Viewers no longer see bodies hanging from bridges, disembodied heads on display, or highly produced videos with messages to their enemies. At least not on TikTok. The platform is being used mainly to promote a lifestyle and to generate a picture of luxury and glamour, to show the ‘benefits’ of joining the criminal activities.

According to security officials, the promotion of these videos is to entice young men who might be interested in joining the cartel with images of endless cash, parties, military-grade weapons and exotic pets like tiger cubs.

Cartels have long used social media to shock and intimidate their enemies.

And using social media to promote themselves has long been an effective strategy. But with Mexico yet again shattering murder records, experts on organized crime say Cartel TikTok is just the latest propaganda campaign designed to mask the blood bath and use the promise of infinite wealth to attract expendable young recruits.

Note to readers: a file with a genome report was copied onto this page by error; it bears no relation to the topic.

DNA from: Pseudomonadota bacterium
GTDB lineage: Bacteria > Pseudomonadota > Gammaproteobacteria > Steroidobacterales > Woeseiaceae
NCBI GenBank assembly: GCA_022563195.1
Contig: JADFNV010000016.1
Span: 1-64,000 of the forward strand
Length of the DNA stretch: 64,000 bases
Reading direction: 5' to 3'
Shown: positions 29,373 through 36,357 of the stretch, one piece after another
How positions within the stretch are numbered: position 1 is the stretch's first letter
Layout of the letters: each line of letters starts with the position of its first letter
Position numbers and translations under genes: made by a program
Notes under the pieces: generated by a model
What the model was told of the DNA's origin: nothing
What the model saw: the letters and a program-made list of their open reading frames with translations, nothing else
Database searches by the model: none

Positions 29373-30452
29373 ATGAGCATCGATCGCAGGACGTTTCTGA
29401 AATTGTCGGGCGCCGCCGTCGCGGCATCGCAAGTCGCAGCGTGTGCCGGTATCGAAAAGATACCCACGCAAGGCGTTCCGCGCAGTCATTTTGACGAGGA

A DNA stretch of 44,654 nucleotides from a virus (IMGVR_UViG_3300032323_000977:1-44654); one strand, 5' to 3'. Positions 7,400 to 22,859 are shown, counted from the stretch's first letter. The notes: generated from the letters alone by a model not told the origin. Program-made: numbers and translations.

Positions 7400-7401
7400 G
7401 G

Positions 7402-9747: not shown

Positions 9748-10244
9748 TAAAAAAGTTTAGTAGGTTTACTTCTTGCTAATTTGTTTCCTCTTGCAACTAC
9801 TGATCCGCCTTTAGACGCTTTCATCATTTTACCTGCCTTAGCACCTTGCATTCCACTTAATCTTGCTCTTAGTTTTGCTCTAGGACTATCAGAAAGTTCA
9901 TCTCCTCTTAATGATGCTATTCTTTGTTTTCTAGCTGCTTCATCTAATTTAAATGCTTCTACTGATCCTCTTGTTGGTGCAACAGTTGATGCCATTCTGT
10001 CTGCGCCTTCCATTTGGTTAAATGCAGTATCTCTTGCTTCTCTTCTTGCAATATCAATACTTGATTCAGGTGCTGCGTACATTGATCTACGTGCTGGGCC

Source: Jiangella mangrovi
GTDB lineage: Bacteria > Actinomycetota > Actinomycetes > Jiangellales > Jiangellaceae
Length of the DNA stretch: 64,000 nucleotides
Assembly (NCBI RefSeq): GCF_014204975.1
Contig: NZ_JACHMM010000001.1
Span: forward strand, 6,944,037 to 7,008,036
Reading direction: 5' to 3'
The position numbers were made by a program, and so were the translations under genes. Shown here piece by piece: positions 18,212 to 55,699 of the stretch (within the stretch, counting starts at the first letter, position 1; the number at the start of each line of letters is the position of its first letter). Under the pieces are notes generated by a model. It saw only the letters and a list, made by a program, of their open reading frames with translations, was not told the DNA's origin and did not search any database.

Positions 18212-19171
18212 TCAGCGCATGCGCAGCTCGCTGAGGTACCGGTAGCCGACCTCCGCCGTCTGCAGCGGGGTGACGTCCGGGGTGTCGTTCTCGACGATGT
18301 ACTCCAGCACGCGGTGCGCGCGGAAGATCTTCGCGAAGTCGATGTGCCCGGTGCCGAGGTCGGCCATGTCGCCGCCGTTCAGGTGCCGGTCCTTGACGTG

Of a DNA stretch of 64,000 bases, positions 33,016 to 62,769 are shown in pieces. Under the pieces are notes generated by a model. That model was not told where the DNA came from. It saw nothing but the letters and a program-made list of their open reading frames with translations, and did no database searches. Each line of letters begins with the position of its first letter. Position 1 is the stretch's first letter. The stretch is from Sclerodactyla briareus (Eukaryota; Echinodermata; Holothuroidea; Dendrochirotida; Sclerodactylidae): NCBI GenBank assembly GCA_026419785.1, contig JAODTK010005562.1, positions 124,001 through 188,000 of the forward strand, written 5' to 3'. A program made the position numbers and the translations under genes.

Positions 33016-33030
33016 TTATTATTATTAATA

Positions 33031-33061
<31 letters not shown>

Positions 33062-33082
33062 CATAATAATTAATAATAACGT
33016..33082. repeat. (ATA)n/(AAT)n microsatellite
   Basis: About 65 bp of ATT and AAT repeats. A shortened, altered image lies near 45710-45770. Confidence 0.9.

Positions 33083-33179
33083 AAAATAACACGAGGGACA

“It’s narco-marketing,” said Alejandra León Olvera, an anthropologist at Spain’s University of Murcia, in a statement to the New York Times. The cartels “use these kinds of platforms for publicity, but of course it’s hedonistic publicity.”

Mexico used to be ground zero for this kind of activity, where researchers created a new discipline out of studying these narco posts. Now, gangs in Brazil, Colombia, El Salvador, and the United States are also involved.

A search of the #CartelTikTok community and its related accounts shows people are responding. Public comments from users such as “Y’all hiring?” “Yall let gringos join?” “I need an application,” or “can I be a mule? My kids need Christmas presents,” are on some of the videos.

One of the accounts related to this cartel community publicly answered: “Of course, hay trabajo para todos,” “I’ll send the application ASAP.” “How much is the pound in your city?” “Follow me on Instagram to talk.” The post, showing two men with $100 bills and alcohol, had more than a hundred comments.

Notice any needed corrections? Please email us at corrections@wearemitu.com